State benefits begin to accrue once earnings exceed the Lower Earnings Limit in a tax year, which for 2012-13 is 5,564. However no national insurance contributions are actually payable until the Secondary Threshold is reached, which for 2012-13 is earnings of 7,488 (this value is the optimum salary for a director to take in the 2012-13 tax year, topped up by dividends, and your accountant should have advised you of this). So as long as you have taken a salary of at least 5,564 in the 2012-13 tax year, then you will not have a gap in your NI record for this particular tax year. You still have time to pay yourself further salary in 2012-13 if your earnings are below 5,564 - this needs to be done before 5 April 2013.

    However, if your earnings in previous tax years were below the Lower Earnings Limit for those years, then you may indeed have a gap in your NI record. You should discuss with the tax office exactly which tax years are showing as not having a full year of NI contributions.
  • MoonDragon
    • #9
    • 4th Feb 13, 6:41 AM
    • #9
    • 4th Feb 13, 6:41 AM
    However, if your earnings in previous tax years were below the Lower Earnings Limit for those years, then you may indeed have a gap in your NI record. You should discuss with the tax office exactly which tax years are showing as not having a full year of NI contributions.
    Originally posted by cotswoldaccountant
    For 2011-2012, I had just received dividend due to a breach of negociation/contract with a client abroad.
  • cotswoldaccountant
    For 2011-2012, I had just received dividend due to a breach of negociation/contract with a client abroad.
    Originally posted by MoonDragon
    If you only paid a dividend in 2011-12 then you would indeed not have made any NI payments in that tax year, as NI is solely based on your level of salary. Your accountant seems to have not provided you with particularly appropriate advice, as, if you do not have other earnings elsewhere, it is usually best to pay yourself a salary from your limited company of at least the Lower Earnings Limit, before making dividend payments.

    If you are the sole director of the company, it is your choice as to how you take an income from the company, and this is not affected by whether you are working for a client abroad or a client in the UK, if all of the income is going through the limited company.
  • MoonDragon
    If you are the sole director of the company, it is your choice as to how you take an income from the company, and this is not affected by whether you are working for a client abroad or a client in the UK, if all of the income is going through the limited company.
    Originally posted by cotswoldaccountant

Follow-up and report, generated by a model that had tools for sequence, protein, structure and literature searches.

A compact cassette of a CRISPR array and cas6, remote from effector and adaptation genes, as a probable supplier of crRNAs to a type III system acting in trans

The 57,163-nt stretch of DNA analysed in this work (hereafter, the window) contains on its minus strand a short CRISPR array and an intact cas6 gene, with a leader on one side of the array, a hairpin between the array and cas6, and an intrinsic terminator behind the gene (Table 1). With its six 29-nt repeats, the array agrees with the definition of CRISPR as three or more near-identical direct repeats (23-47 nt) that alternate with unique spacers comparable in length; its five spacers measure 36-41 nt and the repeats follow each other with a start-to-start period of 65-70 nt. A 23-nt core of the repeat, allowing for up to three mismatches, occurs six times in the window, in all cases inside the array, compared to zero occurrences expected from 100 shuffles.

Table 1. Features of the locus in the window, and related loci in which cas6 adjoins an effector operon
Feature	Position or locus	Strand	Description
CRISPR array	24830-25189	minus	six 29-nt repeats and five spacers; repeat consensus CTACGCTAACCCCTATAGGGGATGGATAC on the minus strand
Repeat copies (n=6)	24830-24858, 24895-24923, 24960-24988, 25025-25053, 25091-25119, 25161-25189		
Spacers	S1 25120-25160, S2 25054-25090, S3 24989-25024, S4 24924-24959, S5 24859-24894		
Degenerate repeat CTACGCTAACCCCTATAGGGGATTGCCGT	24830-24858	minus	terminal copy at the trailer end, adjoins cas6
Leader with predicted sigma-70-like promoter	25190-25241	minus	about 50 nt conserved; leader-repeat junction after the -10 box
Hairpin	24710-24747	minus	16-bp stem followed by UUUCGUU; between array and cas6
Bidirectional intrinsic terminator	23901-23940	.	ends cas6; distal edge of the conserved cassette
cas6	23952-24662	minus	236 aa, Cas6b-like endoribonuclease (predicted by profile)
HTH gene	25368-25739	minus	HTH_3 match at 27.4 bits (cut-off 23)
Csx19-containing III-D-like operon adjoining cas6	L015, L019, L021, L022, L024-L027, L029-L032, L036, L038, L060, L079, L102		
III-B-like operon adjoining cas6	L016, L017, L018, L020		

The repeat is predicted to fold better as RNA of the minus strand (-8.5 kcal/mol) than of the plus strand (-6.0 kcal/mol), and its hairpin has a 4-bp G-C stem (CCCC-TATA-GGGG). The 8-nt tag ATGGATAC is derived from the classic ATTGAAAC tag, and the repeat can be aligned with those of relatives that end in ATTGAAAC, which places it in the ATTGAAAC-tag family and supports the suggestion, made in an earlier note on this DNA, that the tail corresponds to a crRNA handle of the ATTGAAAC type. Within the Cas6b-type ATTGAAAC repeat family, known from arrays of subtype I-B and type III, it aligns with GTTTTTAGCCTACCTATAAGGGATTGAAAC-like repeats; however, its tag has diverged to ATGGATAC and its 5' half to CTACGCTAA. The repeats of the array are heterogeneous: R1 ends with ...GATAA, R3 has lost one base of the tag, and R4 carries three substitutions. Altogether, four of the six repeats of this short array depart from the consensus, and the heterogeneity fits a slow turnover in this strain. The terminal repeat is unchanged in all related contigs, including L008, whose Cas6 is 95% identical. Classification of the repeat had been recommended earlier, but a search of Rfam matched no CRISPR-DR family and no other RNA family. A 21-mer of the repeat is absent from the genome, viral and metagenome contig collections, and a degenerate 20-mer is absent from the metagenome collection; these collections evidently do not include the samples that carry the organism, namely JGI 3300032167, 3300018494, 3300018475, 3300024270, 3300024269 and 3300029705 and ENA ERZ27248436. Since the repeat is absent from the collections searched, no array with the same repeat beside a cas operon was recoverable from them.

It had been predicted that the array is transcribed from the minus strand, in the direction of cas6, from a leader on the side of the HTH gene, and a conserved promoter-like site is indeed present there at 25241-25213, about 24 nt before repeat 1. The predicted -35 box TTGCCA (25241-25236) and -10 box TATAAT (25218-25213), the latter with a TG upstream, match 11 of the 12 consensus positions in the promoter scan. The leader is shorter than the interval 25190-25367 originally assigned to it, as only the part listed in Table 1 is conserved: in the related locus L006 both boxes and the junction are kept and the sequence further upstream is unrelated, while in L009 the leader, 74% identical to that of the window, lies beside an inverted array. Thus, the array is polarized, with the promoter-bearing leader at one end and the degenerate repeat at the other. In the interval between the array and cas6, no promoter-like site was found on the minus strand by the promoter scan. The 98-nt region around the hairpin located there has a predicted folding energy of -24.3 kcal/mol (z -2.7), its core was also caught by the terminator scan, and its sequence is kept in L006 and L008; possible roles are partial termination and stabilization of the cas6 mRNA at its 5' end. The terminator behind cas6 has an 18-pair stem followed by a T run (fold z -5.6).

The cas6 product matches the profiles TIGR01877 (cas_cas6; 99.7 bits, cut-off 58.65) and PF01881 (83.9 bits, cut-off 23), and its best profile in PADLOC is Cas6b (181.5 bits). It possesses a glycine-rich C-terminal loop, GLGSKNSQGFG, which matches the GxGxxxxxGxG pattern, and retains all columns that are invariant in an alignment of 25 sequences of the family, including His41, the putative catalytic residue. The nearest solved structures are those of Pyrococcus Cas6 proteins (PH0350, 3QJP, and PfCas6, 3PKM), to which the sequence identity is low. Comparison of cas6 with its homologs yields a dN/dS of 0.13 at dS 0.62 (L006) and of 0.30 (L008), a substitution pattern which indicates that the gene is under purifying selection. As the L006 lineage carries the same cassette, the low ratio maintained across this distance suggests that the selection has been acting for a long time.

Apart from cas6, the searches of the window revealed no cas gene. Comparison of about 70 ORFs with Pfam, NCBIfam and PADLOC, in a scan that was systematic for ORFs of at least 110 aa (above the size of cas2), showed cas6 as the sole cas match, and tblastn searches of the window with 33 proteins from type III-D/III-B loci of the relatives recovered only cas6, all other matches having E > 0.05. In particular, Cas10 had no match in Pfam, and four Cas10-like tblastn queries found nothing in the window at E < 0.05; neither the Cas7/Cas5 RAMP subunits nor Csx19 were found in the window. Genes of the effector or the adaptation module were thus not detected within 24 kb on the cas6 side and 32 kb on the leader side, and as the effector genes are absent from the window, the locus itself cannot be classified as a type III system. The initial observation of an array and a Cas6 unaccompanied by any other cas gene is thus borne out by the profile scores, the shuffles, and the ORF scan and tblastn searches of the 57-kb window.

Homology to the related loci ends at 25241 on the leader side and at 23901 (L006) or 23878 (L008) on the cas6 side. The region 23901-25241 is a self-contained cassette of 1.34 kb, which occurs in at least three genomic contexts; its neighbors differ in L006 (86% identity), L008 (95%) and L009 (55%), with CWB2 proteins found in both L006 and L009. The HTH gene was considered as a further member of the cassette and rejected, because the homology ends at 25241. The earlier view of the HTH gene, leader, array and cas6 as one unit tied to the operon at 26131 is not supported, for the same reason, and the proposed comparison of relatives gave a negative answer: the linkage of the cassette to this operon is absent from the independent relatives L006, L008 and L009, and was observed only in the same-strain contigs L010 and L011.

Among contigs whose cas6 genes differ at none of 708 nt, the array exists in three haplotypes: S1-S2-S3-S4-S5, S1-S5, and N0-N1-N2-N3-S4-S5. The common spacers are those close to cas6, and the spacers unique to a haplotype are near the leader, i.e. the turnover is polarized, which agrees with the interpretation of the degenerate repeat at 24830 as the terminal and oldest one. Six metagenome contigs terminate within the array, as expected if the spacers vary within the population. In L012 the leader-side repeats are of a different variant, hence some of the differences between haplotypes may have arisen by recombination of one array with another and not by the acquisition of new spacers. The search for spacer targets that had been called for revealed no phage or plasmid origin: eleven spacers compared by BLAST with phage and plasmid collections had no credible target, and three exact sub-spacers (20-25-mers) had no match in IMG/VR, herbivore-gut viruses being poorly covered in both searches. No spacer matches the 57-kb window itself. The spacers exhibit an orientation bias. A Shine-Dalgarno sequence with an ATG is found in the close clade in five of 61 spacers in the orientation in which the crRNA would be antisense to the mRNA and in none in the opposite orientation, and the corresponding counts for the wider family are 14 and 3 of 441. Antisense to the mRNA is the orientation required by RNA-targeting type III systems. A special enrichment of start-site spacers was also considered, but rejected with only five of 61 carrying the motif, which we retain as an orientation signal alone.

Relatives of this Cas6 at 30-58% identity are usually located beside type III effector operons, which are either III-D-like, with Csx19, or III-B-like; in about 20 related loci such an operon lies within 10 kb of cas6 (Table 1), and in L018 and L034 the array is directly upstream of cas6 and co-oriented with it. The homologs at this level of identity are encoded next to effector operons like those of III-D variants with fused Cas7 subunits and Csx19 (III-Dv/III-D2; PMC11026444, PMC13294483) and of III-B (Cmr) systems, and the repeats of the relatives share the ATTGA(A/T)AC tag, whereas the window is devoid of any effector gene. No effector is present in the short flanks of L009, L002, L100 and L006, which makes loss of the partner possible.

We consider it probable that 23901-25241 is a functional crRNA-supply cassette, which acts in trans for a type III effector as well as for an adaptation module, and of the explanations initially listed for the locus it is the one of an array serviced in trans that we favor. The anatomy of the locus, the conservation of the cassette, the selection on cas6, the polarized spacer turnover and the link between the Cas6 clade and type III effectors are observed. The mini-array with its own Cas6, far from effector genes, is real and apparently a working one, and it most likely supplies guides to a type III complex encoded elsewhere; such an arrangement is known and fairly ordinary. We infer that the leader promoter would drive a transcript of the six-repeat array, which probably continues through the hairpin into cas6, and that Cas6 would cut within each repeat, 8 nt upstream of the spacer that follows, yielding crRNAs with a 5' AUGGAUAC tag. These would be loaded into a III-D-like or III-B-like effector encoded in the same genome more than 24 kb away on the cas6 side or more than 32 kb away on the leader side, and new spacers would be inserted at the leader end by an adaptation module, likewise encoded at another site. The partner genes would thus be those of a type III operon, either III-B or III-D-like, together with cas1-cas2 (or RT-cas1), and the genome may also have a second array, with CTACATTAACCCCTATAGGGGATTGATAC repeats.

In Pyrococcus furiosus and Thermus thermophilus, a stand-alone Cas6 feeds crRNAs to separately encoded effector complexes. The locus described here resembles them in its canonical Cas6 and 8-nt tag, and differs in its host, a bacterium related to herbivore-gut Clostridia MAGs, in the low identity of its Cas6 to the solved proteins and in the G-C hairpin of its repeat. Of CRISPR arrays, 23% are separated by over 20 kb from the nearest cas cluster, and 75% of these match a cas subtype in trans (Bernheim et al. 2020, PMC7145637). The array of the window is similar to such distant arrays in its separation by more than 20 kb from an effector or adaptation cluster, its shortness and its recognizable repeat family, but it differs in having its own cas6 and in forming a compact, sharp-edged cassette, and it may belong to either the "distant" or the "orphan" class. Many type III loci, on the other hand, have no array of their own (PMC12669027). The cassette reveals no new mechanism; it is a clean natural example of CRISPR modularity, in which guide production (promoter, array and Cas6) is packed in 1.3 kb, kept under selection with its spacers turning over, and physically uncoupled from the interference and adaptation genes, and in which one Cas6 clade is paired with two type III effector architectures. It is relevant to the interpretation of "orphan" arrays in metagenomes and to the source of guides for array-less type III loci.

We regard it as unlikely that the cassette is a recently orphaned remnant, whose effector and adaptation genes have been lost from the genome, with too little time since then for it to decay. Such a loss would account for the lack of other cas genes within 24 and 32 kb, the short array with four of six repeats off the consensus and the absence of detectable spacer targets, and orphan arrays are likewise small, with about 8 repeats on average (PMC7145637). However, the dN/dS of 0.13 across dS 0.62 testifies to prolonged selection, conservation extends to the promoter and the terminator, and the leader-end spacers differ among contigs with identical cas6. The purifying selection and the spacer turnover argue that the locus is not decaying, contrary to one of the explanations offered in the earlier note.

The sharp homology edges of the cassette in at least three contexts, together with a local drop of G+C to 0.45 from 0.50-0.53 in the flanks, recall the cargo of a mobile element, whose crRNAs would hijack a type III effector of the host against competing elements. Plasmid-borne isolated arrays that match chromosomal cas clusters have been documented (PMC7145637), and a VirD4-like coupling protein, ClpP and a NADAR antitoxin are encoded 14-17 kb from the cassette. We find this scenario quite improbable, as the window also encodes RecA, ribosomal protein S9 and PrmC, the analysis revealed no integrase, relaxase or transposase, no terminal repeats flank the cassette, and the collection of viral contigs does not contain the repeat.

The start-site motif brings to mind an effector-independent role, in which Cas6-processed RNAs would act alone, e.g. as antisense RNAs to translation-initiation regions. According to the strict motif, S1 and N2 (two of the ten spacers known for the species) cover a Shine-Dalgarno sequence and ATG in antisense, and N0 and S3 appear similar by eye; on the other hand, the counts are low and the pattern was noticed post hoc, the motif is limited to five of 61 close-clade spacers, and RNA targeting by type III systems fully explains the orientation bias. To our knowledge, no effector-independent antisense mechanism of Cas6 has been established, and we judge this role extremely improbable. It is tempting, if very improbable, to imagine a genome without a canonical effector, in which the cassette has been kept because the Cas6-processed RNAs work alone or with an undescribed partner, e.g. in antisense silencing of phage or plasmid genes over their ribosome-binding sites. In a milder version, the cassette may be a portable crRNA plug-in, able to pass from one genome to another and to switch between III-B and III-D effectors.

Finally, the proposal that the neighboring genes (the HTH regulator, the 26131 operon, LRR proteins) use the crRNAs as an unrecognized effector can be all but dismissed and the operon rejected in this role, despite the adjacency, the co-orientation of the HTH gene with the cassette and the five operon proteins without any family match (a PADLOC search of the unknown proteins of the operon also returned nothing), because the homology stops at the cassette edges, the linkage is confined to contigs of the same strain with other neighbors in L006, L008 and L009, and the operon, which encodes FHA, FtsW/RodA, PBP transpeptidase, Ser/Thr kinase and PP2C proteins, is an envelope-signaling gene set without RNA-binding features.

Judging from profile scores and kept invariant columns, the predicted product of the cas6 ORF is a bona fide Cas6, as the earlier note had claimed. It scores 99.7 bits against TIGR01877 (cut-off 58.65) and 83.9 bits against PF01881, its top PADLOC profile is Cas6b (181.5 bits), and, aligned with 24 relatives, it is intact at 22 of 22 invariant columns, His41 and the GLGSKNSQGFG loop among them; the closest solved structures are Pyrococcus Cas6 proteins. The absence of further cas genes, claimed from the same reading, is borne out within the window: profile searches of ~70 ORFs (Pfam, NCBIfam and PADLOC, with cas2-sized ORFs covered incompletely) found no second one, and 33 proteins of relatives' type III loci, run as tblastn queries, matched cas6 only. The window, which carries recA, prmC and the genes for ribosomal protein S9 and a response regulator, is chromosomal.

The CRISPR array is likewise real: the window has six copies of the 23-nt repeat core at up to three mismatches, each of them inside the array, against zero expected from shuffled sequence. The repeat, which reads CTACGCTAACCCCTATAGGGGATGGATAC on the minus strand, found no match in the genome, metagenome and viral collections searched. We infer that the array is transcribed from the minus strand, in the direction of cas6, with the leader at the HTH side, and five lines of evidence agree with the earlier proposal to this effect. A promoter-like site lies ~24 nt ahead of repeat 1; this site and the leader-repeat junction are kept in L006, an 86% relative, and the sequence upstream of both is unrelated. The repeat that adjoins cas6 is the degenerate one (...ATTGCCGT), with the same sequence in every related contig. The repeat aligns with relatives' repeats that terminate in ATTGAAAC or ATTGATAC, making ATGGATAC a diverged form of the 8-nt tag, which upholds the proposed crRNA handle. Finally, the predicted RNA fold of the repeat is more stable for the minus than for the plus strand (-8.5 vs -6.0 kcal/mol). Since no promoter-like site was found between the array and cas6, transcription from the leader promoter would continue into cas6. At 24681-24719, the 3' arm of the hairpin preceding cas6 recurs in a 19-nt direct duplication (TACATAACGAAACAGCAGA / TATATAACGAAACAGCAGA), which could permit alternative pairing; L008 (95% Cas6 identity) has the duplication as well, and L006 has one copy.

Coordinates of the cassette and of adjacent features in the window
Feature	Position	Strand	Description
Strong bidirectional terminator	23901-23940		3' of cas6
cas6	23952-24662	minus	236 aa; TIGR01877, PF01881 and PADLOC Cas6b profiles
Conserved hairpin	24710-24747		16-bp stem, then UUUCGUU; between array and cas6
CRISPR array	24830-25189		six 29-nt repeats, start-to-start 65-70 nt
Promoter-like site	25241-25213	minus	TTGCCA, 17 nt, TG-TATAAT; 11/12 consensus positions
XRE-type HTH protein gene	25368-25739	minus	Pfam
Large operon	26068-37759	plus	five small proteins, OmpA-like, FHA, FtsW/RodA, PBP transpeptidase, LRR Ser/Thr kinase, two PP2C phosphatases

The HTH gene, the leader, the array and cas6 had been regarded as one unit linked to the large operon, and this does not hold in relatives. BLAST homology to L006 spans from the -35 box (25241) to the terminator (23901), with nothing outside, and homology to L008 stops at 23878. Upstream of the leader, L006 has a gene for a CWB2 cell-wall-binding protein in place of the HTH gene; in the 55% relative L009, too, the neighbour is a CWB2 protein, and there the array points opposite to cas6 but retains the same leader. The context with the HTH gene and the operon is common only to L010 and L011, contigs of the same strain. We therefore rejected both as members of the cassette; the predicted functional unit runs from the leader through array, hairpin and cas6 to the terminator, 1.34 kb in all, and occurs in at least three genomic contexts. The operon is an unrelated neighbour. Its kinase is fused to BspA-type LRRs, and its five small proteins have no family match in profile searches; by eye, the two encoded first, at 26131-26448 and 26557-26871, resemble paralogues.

What would be the case if I use another account?
  • cotswoldaccountant
    What would be the case if I use another account?
    Originally posted by MoonDragon
    I don't quite follow. Is this income from self employment, or income from the limited company?

    If you have paid income for work performed through the limited company into a personal account rather than the company's own account, then this constitutes a director's loan from the company to you.

    If this income is nothing to do with the limited company, and is paid to you personally for work you have performed as either a sole trader or an employee, then you would need to register as a sole trader with HMRC (and the relevant NI contributions would then be due) or otherwise if you are an employee, then the relevant tax or NI would have been deducted at source by the employer.

    You will need to give some very clear information as to how the income has arisen for anyone to be able to help you. I feel that you would benefit from seeking professional advice - if not from your current accountant then you should appoint a new accountant.
  • MoonDragon
    If you have paid income for work performed through the limited company into a personal account rather than the company's own account, then this constitutes a director's loan from the company to you.
    Originally posted by cotswoldaccountant
    That was my main interrogation.

    otherwise if you are an employee, then the relevant tax or NI would have been deducted at source by the employer.
    Originally posted by cotswoldaccountant
    What would be the case if I have been employed abroad ? Do I have to pay in both the oversea country and UK? I had a litigation with a client who wrongly make me signed two contracts : a contractor one (in name of my company) and few months later an employee one (but I am even not sure that the term of this contract was legal (the contract end if their own client (for who i was providing my services) contract end))(misleading by claiming that was just an update of the job description of the first contract). During three months, they were paying as my employer instead of a clients but refused to pay for the second contract (at the end I have cancelled the contract by just resigning).

    What should I do regarding the HMRC? How many expenses can I take off from this income?

    In all cases, it sounds like I will have further money to pay.

    You will need to give some very clear information as to how the income has arisen for anyone to be able to help you. I feel that you would benefit from seeking professional advice - if not from your current accountant then you should appoint a new accountant.
    Originally posted by cotswoldaccountant
    Definitively, I will need to change my accountant (we have already cancelled our contract).

    The company account has been amended already for 2011 - 2012, can I make a second amendment?
    Last edited by MoonDragon; 07-02-2013 at 5:50 PM.